Essay on Building a State

1368 Words Oct 28th, 2013 6 Pages
When considering various types of governments, three of the most commonly-studied include the republic, the absolute government, and the democracy. Each of these three governmental systems have unique factors that allow them to be preferred over one another; each one has served as a viable system of government for societies in years past. However, when creating a new system of government in a given state, the republic is the ideal system of government to ensure the fairest treatment for all citizens, moving most closely to equality and justice and protecting basic liberties for all. Generally speaking, the Republic is a system that views the government as a public entity, not a private one; rather than consolidating power in the hands of …show more content…
Within this arrangement, all qualified citizens have an equal say in the creation, practice, and enforcement of legal measures, ensuring their basic freedoms are protected. Absolute government is arguably one of the worst systems of government that can exist in a given state. Elements of the absolute government allow for the perpetuation of an unfair system of rule, simply because it falls within the bloodline of a given family. Individuals who are not qualified for leadership are born into the position; they then have the authority to rule as they see fit, often completely unquestioned, potentially appointing equally unqualified individuals to serve in alternate positions of power. The opportunities for corruption and unethical behaviors are vast in an absolute government; citizens in this type of society have little to no say in the quality of their leadership, often turning to violent revolution in order to bring an end to perceived injustices (West, 2008).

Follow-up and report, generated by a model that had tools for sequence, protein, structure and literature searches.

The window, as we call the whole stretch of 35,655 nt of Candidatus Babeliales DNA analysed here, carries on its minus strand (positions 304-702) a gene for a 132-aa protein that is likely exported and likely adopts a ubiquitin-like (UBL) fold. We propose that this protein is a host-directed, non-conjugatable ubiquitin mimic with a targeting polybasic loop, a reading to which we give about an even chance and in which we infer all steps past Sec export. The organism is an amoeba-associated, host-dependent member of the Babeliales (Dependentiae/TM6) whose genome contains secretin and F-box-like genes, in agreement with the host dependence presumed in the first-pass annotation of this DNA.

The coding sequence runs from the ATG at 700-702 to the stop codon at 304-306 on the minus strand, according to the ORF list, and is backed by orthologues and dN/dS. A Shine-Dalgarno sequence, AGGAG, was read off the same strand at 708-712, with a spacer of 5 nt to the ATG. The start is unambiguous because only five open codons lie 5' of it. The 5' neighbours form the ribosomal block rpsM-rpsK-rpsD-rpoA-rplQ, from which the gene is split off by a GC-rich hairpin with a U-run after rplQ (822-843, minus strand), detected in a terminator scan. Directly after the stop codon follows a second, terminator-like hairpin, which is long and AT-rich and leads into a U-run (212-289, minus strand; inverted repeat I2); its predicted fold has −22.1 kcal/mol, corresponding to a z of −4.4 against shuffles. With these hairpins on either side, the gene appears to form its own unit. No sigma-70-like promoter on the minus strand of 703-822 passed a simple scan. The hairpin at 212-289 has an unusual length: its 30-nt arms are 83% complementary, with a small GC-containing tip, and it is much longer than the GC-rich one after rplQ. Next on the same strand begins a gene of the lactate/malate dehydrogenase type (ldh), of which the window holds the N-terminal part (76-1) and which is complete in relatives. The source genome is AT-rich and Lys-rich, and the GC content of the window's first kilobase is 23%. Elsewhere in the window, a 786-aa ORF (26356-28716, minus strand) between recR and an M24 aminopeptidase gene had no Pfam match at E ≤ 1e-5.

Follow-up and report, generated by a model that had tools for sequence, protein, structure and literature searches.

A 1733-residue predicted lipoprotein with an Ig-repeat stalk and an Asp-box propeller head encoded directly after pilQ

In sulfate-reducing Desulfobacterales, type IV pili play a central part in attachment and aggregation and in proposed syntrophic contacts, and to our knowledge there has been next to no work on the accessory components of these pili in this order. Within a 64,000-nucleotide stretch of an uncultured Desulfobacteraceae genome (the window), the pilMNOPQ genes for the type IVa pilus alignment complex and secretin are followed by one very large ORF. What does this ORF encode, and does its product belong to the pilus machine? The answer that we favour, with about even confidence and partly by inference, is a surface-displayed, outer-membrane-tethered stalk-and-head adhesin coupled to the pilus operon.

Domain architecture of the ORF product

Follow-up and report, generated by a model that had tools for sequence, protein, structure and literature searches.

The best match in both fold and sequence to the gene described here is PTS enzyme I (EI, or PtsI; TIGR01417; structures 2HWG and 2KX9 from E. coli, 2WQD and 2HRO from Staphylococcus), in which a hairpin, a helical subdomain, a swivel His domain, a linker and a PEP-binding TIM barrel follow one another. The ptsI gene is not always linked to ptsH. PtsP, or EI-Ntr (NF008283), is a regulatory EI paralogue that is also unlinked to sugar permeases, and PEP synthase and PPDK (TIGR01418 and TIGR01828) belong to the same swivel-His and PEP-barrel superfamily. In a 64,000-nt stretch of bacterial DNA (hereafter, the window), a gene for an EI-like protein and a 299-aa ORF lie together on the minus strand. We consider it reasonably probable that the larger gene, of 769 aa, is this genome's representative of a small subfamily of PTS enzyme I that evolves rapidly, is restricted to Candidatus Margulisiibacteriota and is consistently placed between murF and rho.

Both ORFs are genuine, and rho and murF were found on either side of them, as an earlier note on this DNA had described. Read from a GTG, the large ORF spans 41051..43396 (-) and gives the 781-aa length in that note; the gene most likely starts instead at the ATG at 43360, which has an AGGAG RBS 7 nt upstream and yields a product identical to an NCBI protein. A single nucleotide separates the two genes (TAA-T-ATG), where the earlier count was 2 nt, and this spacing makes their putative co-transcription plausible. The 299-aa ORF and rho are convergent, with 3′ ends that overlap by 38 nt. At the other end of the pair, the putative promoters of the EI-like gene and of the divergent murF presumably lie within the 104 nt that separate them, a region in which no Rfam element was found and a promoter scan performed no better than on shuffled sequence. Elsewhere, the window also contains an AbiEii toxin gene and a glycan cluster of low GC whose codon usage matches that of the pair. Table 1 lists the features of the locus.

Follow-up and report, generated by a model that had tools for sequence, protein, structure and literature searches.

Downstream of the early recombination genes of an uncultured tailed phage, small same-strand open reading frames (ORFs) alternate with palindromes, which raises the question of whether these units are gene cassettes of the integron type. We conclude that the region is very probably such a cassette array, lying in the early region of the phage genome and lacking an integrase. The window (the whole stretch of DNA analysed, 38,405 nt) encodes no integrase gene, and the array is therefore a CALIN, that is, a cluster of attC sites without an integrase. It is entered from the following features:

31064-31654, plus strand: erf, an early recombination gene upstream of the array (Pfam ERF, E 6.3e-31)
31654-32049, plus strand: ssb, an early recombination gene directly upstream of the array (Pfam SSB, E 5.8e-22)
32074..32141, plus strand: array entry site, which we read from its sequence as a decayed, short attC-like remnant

Philosopher John Locke had a clear position on the notion of an absolute government: no individuals in their logical mind would willingly submit to such a government, knowing that their most basic rights can so easily be taken away from them. Stanlick (2001) asks, “Why would a person who wishes to protect his life and property submit to a government that can take both away?” When a person willingly submits to an absolute government, they are summarily taking away their own ability to maintain

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